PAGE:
Not only do people have more choices online than elsewhere, but a recent Tinder survey found that 72 percent of online daters are more open-minded about who they date when using dating sites and apps. It’s yet another reason that the lines between different “leagues” have been blurred. More than ever, beauty is in the eye of the beholder — and what some people deem attractive might not be what you consider attractive, in the same way that your sister thinks her husband is hot but you think he looks like a glorified potato. “If we all agreed on who or what is desirable, that would suggest that individuals will end up with those who match their own level of desirability — as in, the most desirable people pair off first,” says psychologist Lucy Hunt, Ph.D., a member of the Arriagnew Relationships and Close Connections Lab. “However, this assumes that people agree on others’ desirability.”

But we don’t, which is why Swami is wary of the findings from the aforementioned paper, particularly its measure of desirability. It’s more that personal preferences are just that — personal. “Desirability is not a static quality,” he explains. The study, he says, discounts a lot of other factors that do determine desirability and only come through over time and through social interaction.

That’s partly because we don’t always know what we want. “Although we do see evidence that people agree on what traits they hypothetically deem desirable in romantic partners — such as physical attractiveness, intelligence, and trustworthiness — what people say they want in an ideal partner often doesn’t match who they actually choose in real-life, face-to-face scenarios,” says Hunt. That’s why when you fall for someone, many preconceived notions of what you want in a partner — wavy hair, ability to play guitar, whatever — fall by the wayside.

While you might initially react to those qualities online, they don’t tell you anything about how desirable a person is in the real world. “With online dating, desirability is skewed heavily toward physical appearance,” says Swami. “The problem is that physical attraction is a dynamic quality. It doesn’t mean they’ll be physically attractive in every social interaction.” Eventually, you’ll have to log offline and meet in real life — like, oh, on a date. And that can make your wavy-haired, guitar-playing boo look more like a) Prince Charming or b) a total ogre.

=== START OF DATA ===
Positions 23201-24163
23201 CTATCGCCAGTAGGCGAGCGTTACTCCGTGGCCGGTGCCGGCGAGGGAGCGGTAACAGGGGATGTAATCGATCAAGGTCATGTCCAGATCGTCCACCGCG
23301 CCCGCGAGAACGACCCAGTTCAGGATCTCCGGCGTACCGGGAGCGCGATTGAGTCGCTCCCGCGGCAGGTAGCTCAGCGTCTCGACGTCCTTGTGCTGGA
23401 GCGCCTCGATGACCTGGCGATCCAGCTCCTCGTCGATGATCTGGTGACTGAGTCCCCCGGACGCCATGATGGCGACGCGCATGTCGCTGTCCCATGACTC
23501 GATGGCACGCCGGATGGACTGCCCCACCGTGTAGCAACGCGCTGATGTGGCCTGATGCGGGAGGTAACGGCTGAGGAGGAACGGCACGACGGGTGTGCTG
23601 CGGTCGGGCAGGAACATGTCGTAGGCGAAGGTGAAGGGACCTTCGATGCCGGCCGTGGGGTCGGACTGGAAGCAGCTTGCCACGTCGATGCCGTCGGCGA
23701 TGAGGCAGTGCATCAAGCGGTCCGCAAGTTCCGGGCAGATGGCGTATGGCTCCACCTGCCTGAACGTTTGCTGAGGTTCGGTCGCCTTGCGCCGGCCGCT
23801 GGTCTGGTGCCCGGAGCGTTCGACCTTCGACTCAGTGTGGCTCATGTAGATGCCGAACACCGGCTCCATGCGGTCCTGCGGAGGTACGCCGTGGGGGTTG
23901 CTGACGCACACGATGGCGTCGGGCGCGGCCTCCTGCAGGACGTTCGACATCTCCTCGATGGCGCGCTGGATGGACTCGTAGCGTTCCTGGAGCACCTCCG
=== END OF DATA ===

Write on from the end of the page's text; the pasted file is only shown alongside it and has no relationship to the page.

Desirability is not a static quality.

“How a person treats the staff at a restaurant, how a person responds to traffic delays, how engaging a person is at a party — things like this do not usually come through until you meet that person face-to-face,” says Hunt. Given that, “it doesn’t hurt to aim a little higher in terms of what is conventionally attractive,” she adds. After all, no harm, no foul. So, sure, you can go ahead and like the guy on Tinder with killer arms all day long. But no matter what “league” you think he’s in, only spending time with him IRL will reveal whether he’s actually a catch.

Now that dating apps give us access to more potential partners than ever before, as well as the license to ask out someone you perceive as more attractive than you (whether or not that’s actually the case), the concept of someone being out of your league is irrelevant. It also places all of the importance on those characteristics that, sooner or later, become secondary to other traits. That’s why no matter how hot someone seems on a dating app, it’s worth moving the conversation offline sooner. Only then will you get more data and context to measure just how desirable they are to you. (“To you” being the key words there.)

“I believe that the advantage lies not in finding a broadly desirable partner, but in finding someone whom you as an individual find uniquely desirable,” says Hunt. The better you know someone, the more likely you’ll covet them — or not.